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malice

[mal-is] /ˈmæl ɪs/
noun
1.
desire to inflict injury, harm, or suffering on another, either because of a hostile impulse or out of deep-seated meanness:
the malice and spite of a lifelong enemy.
2.
Law. evil intent on the part of a person who commits a wrongful act injurious to others.
Origin of malice
1250-1300
1250-1300; Middle English < Old French < Latin malitia. See mal-, -ice
Synonyms
1. ill will, spite, spitefulness; animosity, enmity; malevolence; venom, hate, hatred; bitterness, rancor. See grudge.
Antonyms
1. benevolence, goodwill.
Dictionary.com Unabridged
Based on the Random House Dictionary, © Random House, Inc. 2015.
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Examples from the Web for malice
Contemporary Examples
Historical Examples
  • To hold him guilty, here or elsewhere, of malice or hypocrisy, is to misread his character.

    William Penn George Hodges
  • At least, release my gentle sister, and pour out all your malice on me.

    The Last of the Mohicans James Fenimore Cooper
  • He saw it, and the sparkle of malice in his eyes flashed into sudden anger.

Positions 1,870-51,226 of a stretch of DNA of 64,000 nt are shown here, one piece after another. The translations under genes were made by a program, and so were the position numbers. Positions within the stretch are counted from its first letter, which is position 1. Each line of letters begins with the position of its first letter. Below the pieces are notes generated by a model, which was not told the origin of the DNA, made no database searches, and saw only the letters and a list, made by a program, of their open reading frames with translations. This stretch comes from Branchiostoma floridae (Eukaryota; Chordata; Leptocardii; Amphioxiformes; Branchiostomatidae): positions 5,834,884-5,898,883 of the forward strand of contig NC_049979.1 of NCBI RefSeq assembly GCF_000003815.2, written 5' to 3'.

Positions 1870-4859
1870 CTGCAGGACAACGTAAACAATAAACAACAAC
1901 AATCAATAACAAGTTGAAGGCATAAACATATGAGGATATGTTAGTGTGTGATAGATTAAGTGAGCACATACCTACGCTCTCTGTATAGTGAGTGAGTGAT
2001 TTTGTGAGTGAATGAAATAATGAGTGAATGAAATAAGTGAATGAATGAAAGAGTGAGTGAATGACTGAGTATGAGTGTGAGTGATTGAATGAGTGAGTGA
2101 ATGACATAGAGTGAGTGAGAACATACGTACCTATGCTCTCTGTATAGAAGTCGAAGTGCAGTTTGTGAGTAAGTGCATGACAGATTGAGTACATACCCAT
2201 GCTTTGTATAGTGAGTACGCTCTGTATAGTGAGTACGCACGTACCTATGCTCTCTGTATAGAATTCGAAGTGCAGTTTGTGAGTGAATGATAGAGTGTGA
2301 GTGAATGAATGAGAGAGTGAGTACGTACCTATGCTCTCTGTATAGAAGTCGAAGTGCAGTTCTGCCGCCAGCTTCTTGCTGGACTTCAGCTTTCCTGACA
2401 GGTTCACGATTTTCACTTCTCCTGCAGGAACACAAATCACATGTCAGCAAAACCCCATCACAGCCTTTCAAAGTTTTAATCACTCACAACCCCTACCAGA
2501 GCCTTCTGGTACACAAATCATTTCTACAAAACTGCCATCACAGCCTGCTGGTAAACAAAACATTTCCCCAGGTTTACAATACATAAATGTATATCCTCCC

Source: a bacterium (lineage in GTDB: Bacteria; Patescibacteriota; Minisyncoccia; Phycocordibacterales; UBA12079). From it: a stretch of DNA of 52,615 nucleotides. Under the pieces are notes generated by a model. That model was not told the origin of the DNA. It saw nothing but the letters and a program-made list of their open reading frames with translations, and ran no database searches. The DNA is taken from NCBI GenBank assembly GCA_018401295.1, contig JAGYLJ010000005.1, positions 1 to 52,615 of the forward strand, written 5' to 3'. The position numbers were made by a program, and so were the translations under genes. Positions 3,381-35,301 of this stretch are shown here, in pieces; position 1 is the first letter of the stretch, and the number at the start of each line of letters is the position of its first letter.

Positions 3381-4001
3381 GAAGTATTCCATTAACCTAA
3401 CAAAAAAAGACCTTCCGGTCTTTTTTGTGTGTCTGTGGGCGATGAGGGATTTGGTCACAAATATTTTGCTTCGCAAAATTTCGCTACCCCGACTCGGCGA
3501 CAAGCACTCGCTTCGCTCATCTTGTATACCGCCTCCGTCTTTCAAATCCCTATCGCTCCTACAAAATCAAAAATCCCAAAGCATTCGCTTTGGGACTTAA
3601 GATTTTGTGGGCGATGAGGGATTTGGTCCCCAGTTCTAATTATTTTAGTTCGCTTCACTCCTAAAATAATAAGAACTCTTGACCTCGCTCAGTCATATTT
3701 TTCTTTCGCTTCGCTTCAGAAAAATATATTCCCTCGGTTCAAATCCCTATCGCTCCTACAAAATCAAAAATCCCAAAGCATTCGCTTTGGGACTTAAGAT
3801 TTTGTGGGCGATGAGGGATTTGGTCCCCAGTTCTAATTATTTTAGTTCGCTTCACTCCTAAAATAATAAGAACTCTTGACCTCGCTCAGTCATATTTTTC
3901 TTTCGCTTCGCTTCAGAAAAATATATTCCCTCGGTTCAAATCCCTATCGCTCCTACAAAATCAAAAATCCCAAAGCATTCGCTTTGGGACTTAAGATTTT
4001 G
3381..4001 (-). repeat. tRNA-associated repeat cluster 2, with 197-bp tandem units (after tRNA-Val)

The Bridge of the Gods Frederic Homer Balch
  • You seem to come like my own anger, my own malice, my own—whatever it is—I don't know what it is.

    Little Dorrit Charles Dickens
  • Few or none of the famous men that have lived escaped being calumniated by malice.

British Dictionary definitions for malice

malice

/ˈmælɪs/
noun
1.
the desire to do harm or mischief
2.
evil intent
3.
(law) the state of mind with which an act is committed and from which the intent to do wrong may be inferred See also malice aforethought
Word Origin
C13: via Old French from Latin malitia, from malus evil
Collins English Dictionary - Complete & Unabridged 2012 Digital Edition
© William Collins Sons & Co. Ltd. 1979, 1986 © HarperCollins
Publishers 1998, 2000, 2003, 2005, 2006, 2007, 2009, 2012
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Word Origin and History for malice
n.

c.1300, "desire to hurt another," from Old French malice "ill will, spite, sinfulness, wickedness" (12c.), from Latin malitia "badness, ill will, spite," from malus "bad" (see mal-). In legal use, "wrongful intent generally" (1540s).

Online Etymology Dictionary, © 2010 Douglas Harper
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10
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